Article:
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For Iowans

Section 1: What is Heart Disease?

  • What is heart disease?
    Heart disease is defined as, "any disorder that affects the heart's ability to function normally" (MedlinePlus, 2008). Some of these disorders include: arrhythmias, coronary artery disease, congestive heart failure, heart attack, and heart failure.
  • What are the risk factors for heart disease?
    • High Blood Pressure
    • Diabetes
    • High Cholesterol
    • Family History
    • Cigarette Smoking
    • Physical Inactivity
    • Overweight/Obesity

Section 2: What is a heart attack?

  • What is a heart attack?
    A heart attack, or myocardial infarction, occurs when the blood supply to a specific part of the heart is blocked and the tissue becomes damaged or begins to die (MedlinePlus, 2008).
  • What are the warning signs of a heart attack?
    The signs may not be as noticeable as in the movies, but symptoms of a heart attack should never be ignored! Common warning signs include:
    • Pain or discomfort in the chest;
    • Upper body (stomach, arms, back, neck, jaw) pain;
    • Shortness of breath;
    • Cold sweat;
    • Nausea; or
    • Light-headedness.
  • Women are more likely to experience shortness of breath, nausea/vomiting, and back or jaw pain. If you or someone you know is experiencing any of these symptoms - don't wait - call 9-1-1 within the first five minutes of onset!
  • Act Quickly!
    If you or someone you know has chest discomfort or a combination of the symptoms listed above - call 9-1-1 right away! Acting fast can save precious heart tissue from damage and could save a life!
  • Prevention
    A healthy lifestyle can reduce a person's risk of developing many chronic conditions during their lifetime - including diabetes, heart disease, stroke, and certain cancers. Live tobacco-free and maintain a healthy weight by becoming physically active and make healthier food choices daily.
    Preventive screenings (including blood pressure and blood cholesterol) may help a person to know their risk for developing heart disease and allow them to take action to control these numbers before it is too late.
  • To learn more about preventing heart disease, visit the Health Resources section located near the bottom of this page.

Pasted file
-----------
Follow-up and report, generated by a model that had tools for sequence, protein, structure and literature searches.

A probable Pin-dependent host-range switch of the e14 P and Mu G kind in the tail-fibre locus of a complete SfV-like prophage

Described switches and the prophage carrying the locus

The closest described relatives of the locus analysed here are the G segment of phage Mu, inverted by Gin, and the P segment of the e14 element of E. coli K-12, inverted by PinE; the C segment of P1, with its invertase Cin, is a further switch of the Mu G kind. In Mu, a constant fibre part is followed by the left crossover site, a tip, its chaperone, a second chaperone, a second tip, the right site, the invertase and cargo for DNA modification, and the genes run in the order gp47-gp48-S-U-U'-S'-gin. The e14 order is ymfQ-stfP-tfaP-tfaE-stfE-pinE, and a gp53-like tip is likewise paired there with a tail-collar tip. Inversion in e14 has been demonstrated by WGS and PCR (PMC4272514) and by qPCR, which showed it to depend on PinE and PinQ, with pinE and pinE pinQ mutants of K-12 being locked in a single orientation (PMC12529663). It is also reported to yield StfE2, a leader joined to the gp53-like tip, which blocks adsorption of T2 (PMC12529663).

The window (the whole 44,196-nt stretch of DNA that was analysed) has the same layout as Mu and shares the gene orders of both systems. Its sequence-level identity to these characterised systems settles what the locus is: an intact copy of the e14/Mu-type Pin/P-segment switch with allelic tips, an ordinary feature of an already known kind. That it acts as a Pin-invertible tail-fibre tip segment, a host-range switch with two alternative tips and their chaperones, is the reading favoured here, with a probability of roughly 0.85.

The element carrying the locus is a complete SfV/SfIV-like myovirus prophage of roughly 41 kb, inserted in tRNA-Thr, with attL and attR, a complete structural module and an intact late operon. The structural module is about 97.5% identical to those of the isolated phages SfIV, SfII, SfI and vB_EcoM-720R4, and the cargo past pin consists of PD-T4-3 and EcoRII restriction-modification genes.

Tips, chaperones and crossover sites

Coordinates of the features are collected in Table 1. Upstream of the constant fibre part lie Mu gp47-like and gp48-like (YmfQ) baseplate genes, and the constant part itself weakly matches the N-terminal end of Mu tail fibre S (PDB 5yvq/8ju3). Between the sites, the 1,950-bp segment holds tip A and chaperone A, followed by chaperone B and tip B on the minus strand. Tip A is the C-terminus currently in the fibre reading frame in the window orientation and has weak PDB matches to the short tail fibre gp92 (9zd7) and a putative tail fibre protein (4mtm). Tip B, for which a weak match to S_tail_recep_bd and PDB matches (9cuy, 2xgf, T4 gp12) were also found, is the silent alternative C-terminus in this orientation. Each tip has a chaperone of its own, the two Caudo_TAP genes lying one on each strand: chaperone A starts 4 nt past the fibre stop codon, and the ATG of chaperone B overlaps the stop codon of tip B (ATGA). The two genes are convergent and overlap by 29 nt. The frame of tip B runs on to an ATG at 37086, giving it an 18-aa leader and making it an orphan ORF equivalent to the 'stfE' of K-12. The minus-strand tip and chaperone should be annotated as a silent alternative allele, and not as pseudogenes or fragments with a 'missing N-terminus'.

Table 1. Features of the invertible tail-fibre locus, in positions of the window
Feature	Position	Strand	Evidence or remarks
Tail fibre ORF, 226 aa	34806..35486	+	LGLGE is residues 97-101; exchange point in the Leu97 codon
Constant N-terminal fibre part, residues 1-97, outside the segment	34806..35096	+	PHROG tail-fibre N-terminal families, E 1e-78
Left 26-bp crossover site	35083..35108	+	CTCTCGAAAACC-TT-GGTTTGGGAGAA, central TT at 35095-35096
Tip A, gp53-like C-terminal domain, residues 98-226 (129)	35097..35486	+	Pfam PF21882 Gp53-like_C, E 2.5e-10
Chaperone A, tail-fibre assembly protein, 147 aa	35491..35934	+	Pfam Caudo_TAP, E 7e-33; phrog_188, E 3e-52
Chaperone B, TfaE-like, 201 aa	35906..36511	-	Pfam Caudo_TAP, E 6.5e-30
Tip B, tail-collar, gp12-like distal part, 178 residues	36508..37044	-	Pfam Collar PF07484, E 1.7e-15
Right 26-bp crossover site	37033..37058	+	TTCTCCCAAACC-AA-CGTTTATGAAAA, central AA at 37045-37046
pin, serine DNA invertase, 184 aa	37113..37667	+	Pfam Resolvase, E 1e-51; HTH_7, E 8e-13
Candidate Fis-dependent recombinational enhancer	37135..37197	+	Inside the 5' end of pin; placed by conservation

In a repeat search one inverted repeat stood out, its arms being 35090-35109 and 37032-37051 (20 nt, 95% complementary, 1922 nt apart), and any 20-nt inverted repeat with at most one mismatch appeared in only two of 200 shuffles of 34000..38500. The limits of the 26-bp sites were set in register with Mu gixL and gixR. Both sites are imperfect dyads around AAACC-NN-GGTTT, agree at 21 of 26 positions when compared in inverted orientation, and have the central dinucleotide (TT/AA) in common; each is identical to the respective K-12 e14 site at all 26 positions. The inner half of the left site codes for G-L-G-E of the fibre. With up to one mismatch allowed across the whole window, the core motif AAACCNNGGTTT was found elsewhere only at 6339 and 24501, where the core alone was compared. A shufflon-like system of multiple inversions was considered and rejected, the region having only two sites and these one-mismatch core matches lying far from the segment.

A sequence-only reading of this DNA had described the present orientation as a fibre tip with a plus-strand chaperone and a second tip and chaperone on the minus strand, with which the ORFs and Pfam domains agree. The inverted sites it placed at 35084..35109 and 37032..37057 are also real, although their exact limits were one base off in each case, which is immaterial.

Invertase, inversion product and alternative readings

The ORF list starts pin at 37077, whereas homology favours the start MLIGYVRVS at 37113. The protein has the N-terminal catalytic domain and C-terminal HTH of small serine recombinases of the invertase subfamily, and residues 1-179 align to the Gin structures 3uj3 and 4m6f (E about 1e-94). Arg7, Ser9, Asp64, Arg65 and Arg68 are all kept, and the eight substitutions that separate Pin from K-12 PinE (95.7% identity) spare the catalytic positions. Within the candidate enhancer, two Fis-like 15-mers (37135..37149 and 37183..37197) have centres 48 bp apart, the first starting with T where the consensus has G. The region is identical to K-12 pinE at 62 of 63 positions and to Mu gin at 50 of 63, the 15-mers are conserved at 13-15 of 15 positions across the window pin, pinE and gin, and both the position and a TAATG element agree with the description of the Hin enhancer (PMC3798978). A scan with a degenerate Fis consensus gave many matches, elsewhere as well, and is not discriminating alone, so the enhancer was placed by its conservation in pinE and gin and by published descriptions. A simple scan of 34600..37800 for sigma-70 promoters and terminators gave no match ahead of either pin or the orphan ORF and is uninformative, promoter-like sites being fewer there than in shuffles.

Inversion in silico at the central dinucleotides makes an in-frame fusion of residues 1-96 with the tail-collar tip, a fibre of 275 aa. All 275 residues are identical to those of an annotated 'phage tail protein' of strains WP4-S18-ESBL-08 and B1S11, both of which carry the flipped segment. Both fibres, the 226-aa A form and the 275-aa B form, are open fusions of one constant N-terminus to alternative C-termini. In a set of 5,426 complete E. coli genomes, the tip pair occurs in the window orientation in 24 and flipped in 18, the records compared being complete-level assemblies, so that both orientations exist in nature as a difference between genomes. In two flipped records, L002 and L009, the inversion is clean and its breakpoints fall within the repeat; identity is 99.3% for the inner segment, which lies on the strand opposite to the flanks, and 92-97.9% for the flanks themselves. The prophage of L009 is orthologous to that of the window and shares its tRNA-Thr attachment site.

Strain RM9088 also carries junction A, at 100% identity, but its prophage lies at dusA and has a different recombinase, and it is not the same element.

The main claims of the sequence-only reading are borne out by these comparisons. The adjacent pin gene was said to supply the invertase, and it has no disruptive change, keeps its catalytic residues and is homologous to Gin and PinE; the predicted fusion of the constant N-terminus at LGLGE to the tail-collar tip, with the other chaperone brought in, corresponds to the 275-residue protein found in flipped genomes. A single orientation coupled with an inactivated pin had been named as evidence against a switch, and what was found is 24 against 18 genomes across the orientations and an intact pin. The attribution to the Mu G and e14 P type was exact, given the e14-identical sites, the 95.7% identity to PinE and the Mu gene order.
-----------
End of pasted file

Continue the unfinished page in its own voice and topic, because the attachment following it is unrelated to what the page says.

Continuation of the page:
Section 3: What is a Stroke?

  • What is a stroke?
    A stroke, or "brain attack", occurs when the blood supply to a specific part of the brain is blocked by a clot or the vessel carrying the blood bursts. Without an enough blood reaching the brain, the tissue can become damaged or begin to die.
  • What are the symptoms of a stroke?
    Stroke symptoms appear suddenly and include:
    • Numbness in the face, arm, or leg (especially on one side);
    • Confusion or trouble speaking and understanding others;
    • Trouble seeing in one or both eyes;
    • Dizziness, trouble walking, loss of balance or coordination;
    • Severe headache with no known cause.
  • If a person experiences one or more of these symptoms, they should call 9-1-1 immediately to prevent brain damage or death.
  • Stroke Heroes Act FAST - Learn the Signs of Stroke
  • Prevention Saves Lives
    A healthy lifestyle can reduce a person's risk of developing many chronic conditions during their lifetime - including diabetes, heart disease, stroke, and certain cancers.
  • Live tobacco-free and maintain a healthy weight by becoming physically active and make healthier food choices daily. Preventive screenings (including blood pressure and blood cholesterol) may help a person to know their risk for developing heart disease and allow them to take action to control these numbers before it is too late.
  • To learn more about preventing heart disease, visit the Health Resources section located near the bottom of this page.

Section 4: Cardiopulmonary Resuscitation (CPR)

  • What is CPR?
    Cardiopulmonary resuscitation or 'CPR' is an emergency procedure that can be used for a person who is no longer breathing or whose heart has stopped beating. CPR can maintain circulation and breathing until emergency medical help arrives.
  • Where can I become CPR certified?
    To become certified in CPR, you must first take a class to learn and practice all of the needed skills. To find a CPR training in your area, contact your local chapter of the American Red Cross.

  • CPR and the Healthy Kids Act
    This law requires every student in Iowa, by the end grade 12, to complete a course that could lead to cardiopulmonary resuscitation (CPR) certification. This requirement becomes effective for the 2011-2012 graduating class. For more information, visit the Healthy Kids Act website

Section 5: Get Screened - Know your Risk

Section 6: Health Resources